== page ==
Another issue that’s common with water quality during droughts is that algae growth often increases, which results in harmful algal blooms as well as worse water quality. Drought waters tend to be considerably warmer than non-drought waters. In these conditions, there are less molecules in the water, which means that less energy is required to change the water’s temperature. The water can also be warmer because droughts tend to take place when the temperatures are abnormally high for extended periods of time.

When the temperatures are high, certain algae species will grow at a faster rate. There are also various bacteria that grow during warm water temperatures. The reason why algal blooms are dangerous is because they typically produce highly toxic compounds that are stubborn and will remain in the soil and water supplies even after drought conditions have dissipated. This issue can be worsened when agricultural runoff is high, which occurs during flash floods.

Salinity levels could also increase, which makes it more difficult for the water to be effectively treated. If there are too many salts in the water, the taste and smell could be negatively impacted. For instance, chloride usually adds a metallic or bitter taste to the water. If you notice an odd smell with your water, consider testing it with a pH sensor before drinking it.

How Droughts Affect Water Supplies

Droughts degrade the quality of water because of the dwindling water supplies. When the water levels in reservoirs and rivers drop, municipalities won’t have access to as much water supplies as usual, which means that water rations and restrictions might apply. Water restrictions differ from region to region and mainly depend on the severity of the drought.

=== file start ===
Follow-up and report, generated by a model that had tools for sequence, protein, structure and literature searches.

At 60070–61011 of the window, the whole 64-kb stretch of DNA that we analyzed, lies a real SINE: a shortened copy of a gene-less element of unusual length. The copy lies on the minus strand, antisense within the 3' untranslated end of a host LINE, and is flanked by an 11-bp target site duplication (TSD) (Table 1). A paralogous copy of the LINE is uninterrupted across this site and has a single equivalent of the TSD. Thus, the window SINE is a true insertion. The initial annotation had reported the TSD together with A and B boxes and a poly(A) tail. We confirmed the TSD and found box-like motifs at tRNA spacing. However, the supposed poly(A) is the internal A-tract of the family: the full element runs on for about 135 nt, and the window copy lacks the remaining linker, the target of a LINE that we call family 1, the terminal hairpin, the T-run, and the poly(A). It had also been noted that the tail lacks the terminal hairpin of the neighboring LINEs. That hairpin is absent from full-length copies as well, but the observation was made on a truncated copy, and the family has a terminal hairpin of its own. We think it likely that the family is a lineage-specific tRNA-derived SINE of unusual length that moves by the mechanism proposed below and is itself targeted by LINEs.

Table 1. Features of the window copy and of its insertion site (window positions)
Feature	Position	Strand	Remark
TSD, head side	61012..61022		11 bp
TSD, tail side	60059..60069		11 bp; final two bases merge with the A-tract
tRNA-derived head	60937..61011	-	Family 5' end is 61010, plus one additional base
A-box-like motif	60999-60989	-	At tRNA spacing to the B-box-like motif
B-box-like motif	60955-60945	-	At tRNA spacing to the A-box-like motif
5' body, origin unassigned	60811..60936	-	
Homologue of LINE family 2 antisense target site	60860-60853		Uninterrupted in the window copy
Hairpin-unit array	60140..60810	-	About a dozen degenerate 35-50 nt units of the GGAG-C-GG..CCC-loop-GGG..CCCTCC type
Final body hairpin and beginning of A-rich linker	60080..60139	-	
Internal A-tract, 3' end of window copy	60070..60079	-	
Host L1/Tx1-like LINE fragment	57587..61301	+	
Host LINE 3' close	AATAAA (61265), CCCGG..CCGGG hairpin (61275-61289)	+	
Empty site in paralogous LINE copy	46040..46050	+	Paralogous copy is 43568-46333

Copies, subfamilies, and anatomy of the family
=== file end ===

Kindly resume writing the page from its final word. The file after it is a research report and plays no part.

Water restrictions typically involve limitations on specific uses of water, the primary of which include filling up swimming pools, washing cars, irrigating lawns, or washing off pavement areas. These restrictions could place a limit on when water is used or how much water is used. It’s common for water rationing to include a short-term suspension of water supplies until the conditions have returned to normal.

When rations are in place, it becomes possible for water supplies to be distributed in a manner that helps maintain public health and safety. Even though these limitations are effective, they don’t always result in behavioral changes, which means that people may go back to their previous levels of water use once any restrictions have been removed.

dried out hoses on a dying field